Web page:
*Ahem. First post of NaBloPoMo.*
In order to complete my challenge for 2015, I needed to read 4 books each month October - December. I managed two last month. Let's see if I can get through ten more books in the next two months!
Good Omens by Terry Pratchett & Neil Gaiman (A book set in a different country)
Well, it was set in England.
This was our book club book for this month. I've never read anything by Terry Pratchett, but now I know that needs to change in the future. And same with Neil Gaiman. I LOVED the British humor (humour), and I loved the irreverent tone of the novel.
A fallen angel-turned-demon (the serpent in the Garden of Eden) and an angel (one of the guardians of Eden welding a flaming sword) conspire several thousand years later to botch Armageddon. They rather like Earth and would rather not see it destroyed in a cosmic battle between good and evil. The only problem is, well, they are utterly incompetent. The race to stop the anti-Christ (a precocious blond eleven year old) begins.
I think this book might well have been offensive to me in days gone by, but I was thoroughly able to enjoy it now. I do wonder, however, how the rest of the book club will take it. It's pretty sacrilegious! But funny. Damned funny.
"Why Are All the Black Kids Sitting Together in the Cafeteria?": And Other Conversations About Race by Beverly Daniel Tatum (A book with a color in the title)
I planned to read The Color Purple to satisfy this requirement, but I really wanted to read this and realized with the word "black" in it, it could check off a box too. Win-win. I came across this book in the book store while perusing the African-American Studies section - a tiny, one shelf section of Barnes & Noble, which shares its already incredibly limited space with LGBT Studies. Poor show, Barnes & Noble, poor show. On both counts.
The title grabbed my attention. It's a question I as a white person have always wondered. It sure did seem like the black kids were always sitting together in high school (not that our school had any black kids, but I noticed it at Forensics tournaments around the state). Isn't that just proof that black people are as racist as white people? I wondered, in my teenage naivete.
Even as an adult, though, I've wondered if we're all trying so hard to be inclusive, why do we still segregate socially? So the book was added to my armload of purchases, and I started it as soon as I got home.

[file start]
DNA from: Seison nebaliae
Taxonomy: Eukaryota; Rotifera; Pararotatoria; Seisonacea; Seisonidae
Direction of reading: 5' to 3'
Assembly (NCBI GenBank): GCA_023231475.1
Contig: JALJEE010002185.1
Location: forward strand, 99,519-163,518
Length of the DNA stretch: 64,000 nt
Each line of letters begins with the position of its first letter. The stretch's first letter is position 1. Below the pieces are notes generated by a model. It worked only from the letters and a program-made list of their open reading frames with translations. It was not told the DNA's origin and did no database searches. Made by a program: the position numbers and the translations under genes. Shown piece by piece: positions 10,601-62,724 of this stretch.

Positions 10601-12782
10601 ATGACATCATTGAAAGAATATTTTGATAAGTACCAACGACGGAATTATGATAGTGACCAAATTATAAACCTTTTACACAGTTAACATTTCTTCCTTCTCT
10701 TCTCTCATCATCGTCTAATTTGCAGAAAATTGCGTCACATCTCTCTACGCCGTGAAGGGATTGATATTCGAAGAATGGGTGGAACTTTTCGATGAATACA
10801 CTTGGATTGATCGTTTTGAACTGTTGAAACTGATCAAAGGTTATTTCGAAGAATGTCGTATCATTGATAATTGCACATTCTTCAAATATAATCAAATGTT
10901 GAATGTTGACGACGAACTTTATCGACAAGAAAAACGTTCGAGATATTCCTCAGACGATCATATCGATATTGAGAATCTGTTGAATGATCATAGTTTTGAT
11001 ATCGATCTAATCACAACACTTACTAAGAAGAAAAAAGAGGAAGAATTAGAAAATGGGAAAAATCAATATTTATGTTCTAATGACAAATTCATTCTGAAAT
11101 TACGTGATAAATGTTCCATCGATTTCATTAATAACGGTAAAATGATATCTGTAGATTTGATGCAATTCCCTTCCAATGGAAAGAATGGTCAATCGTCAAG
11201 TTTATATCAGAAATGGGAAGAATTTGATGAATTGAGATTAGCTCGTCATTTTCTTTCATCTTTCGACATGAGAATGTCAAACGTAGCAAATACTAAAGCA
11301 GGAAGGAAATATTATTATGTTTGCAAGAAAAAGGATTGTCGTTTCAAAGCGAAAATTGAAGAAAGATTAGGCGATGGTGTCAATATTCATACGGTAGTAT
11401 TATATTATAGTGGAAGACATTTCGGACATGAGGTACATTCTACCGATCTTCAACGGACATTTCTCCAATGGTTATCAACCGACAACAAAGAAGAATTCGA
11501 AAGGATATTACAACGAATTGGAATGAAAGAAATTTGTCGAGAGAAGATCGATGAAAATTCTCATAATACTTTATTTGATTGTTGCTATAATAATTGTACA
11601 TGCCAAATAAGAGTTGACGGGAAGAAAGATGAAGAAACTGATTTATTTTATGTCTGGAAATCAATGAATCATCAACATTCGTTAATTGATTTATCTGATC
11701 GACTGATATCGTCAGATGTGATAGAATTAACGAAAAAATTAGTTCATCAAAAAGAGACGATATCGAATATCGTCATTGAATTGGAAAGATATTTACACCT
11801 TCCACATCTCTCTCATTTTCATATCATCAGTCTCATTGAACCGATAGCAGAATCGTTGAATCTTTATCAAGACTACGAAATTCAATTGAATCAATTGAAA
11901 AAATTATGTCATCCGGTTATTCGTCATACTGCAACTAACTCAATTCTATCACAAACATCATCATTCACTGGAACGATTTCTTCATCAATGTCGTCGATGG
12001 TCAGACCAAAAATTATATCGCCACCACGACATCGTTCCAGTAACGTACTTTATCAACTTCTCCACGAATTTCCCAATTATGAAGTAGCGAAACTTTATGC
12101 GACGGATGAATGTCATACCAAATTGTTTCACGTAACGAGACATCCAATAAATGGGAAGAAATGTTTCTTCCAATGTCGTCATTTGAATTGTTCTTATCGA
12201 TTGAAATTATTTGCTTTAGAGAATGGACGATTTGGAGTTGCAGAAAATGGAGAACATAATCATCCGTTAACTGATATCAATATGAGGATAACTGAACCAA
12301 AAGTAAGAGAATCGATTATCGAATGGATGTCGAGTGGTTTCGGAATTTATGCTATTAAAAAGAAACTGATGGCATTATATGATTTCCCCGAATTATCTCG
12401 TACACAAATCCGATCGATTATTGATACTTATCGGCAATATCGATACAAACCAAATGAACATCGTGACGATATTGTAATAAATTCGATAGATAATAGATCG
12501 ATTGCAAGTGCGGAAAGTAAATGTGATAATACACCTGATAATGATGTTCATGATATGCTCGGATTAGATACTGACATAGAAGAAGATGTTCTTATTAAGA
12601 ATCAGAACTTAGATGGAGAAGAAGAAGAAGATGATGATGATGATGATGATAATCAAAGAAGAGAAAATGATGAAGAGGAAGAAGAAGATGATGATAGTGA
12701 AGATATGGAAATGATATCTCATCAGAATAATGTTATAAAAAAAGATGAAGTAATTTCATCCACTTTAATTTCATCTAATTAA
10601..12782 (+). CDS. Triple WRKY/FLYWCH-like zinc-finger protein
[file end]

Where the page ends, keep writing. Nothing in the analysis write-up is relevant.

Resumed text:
This book is a must-read for anyone who is aiming to become more racially conscious. Though some of it was stuff I already knew - sort of - most of it was extremely eye-opening for me. I knew I receive the benefits of white privilege whether I mean to or not, but I didn't realize to what extent until reading this book. I also knew that institutional racism is a serious issue, but this book highlighted to me how deeply it runs in American society. I knew that other races experience racism, not just African-Americans (and Latinos), but I never realized to what extent and how easily overlooked racism against other groups is, such as Asians and Native Americans.
Talking about race as a white person is hard, because we aren't used to doing it. We may not be actively "racist" but how often do we keep silent out of fear of saying the wrong thing or upsetting certain people? Keeping quiet about an issue that is literally costing black lives is contributing to the problem. I'm still no expert on what I can do as a white person to combat institutional racism, but this book has made a lot of things more clear to me and has given me a deeper understanding of how deeply ingrained racism is in our society. There is no quick fix for the problem, but this book answers a lot of questions, describes the process of developing one's identity (for all people but particularly people of color), and presents suggestions for how we can all be the change we want to see in the world. For me personally, it inspired new ways to discuss racism with my children. It's not enough to teach them to be "color blind" (an impossibility and a logical fallacy); we have teach our kids to be activists, to teach them what racism does to people and to show them real-life examples of racism destroying lives (Tamir Rice, Trayvon Martin, the list goes on far, far too long), so they will grow up to be a generation that actively pushes racism another few steps back towards the history books and away from the day-to-day experience of far too many of our fellow human beings.
This book has also inspired me to read more black authors and introduce more black historical figures to my kids (and myself) besides just the famous ones they'll learn about in school. Those figures are important, certainly, but until now, I've never noticed how whitewashed history is. We know of only a handful of black historical figures, and the rest are white. This does a huge disservice to us all. It's my mission now to seek out the less well known non-white authors, activists, and historical figures to better educate myself and my kids. (Any suggestions would be welcome!)
To see what else I have read this year:
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